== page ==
Matthew Reed's

Microsoft FORTRAN

Microsoft FORTRAN, also known as FORTRAN-80, was one of the most advanced programming tools available for the TRS-80. As a compiled language, it was more powerful than the included BASIC interpreter. Microsoft FORTRAN was created and sold by Microsoft for multiple TRS-80 models, although the most popular versions were sold directly by Radio Shack. Many commercial TRS-80 programs, such as The Mean Checkers Machine by Lance Miklus, were written in FORTRAN. Miklus wrote in the March 1980 issue of The S-Eighty:

FORTRAN’s advantages are numerous: it’s fast, the coding technique is protected, it has powerful library functions, it is an excellent number cruncher, its functions are complete subroutines instead of single lines, and it interfaces easily with machine language subroutines.

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The Muscle Micros

The April 1983 issue of 80 Micro contained an article called “The Muscle Micros.” Written by the “80 Micro Tech Staff”, the article profiled “three sleek supercharged” TRS-80 Model III computers equipped with hard drives (commonly known at the time as Winchester drives). The three computers profiled were:

  • The BT Hard Disk Model III Microcomputer from BT Enterprises of Bohemia, New York
  • The MTI Mod III Plus from Microcomputer Technology Inc. (better known as MTI) of Santa Ana, California
  • The Computex Model 326 from Computex of Houston, Texas

Much like the earlier Adcock & Johnson Model 3000, which was a Model III repackaged in a transportable case, these companies bought Model III computers from Radio Shack and then extensively upgraded them into their own branded products. The article described what made up these “muscle micros”:

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Arex, written by William Muk Koon Yet, was one of the last games Adventure International sold for the TRS-80 Model I and III. It cost $34.95 for both the disk and tape versions when it was released in late 1982. As with many of their other games, Adventure International adapted Arex for multiple computers:

  • The Apple II version (for disk only) was written by Gordon Eastman.
  • The Atari 400/800 version (for disk and tape) was written by John Anderson.
  • The Commodore 64 version (for disk and tape) was a conversion by Philip Case of John Anderson’s Atari version.
  • The IBM PC version (for disk only) was written by Philip Case.
  • The TRS-80 Color Computer version (for tape only) was written by Roger Schrag.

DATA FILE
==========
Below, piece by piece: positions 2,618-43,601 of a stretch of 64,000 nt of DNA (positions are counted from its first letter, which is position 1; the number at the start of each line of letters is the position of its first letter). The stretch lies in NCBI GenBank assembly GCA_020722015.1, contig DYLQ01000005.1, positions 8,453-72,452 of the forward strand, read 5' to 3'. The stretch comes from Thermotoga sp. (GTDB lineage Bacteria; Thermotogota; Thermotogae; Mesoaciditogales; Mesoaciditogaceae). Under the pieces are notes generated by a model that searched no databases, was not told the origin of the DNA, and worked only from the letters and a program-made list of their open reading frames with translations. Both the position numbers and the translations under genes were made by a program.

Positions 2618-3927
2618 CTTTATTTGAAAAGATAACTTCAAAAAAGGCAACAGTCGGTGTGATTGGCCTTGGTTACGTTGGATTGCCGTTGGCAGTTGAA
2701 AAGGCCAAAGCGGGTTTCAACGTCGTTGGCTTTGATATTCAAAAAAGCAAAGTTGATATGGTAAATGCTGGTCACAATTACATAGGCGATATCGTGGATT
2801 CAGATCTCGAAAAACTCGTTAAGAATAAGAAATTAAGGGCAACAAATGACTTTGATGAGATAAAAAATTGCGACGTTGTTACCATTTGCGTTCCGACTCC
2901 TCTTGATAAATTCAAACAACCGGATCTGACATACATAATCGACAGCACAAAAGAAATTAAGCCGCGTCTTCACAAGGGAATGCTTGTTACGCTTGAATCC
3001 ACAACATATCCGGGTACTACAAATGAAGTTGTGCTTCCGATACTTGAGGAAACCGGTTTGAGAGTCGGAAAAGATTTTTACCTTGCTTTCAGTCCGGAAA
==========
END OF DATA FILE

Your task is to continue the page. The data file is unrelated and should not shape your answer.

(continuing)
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TRS-80 Disk and Other Mysteries

One of the most popular books ever written for the TRS-80 was TRS-80 Disk and Other Mysteries by Harvard C. Pennington. It was published in 1979 by International Jewelry Guild of Upland, California (a company co-founded by Pennington) for a price of $22.95. The book was an unexpected success for International Jewelery Guild (better known as IJG), at the time primarily a seller of gold coins and diamonds. The first two printings of TRS-80 Disk and Other Mysteries sold out before IJG had even received them from the printers. One advertisement described the book as “the definitive work on the TRS-80 disk system.” The manual for Super Utility described it as “a ‘standard’ reference.”

The TRS-80 Model I was less than two years old at the time, and Pennington had been one of the first purchasers. There was a great demand for TRS-80 information and Pennington wrote about many topics in the TRS-80 Disk and Other Mysteries. These included using hexadecimal and binary, a discussion of TRS-80 disk operating systems, the TRSDOS directory structure, even Pennington’s opinions of Radio Shack. William Barden, Jr. described the contents in the preface to the book:

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Miner 2049er

Bill Hogue, through his company Big Five Software, was known for producing some of the best games available for the TRS-80 Model I and III. Games like Galaxy Invasion and Robot Attack were legendary in TRS-80 circles. But Bill Hogue and Big Five Software’s most successful game wasn’t for the TRS-80. It was Miner 2049er, the 1984 Electronic Game of the Year. Miner 2049er was an Atari platform game with ten levels that had versions available for more computers than any other game at the time.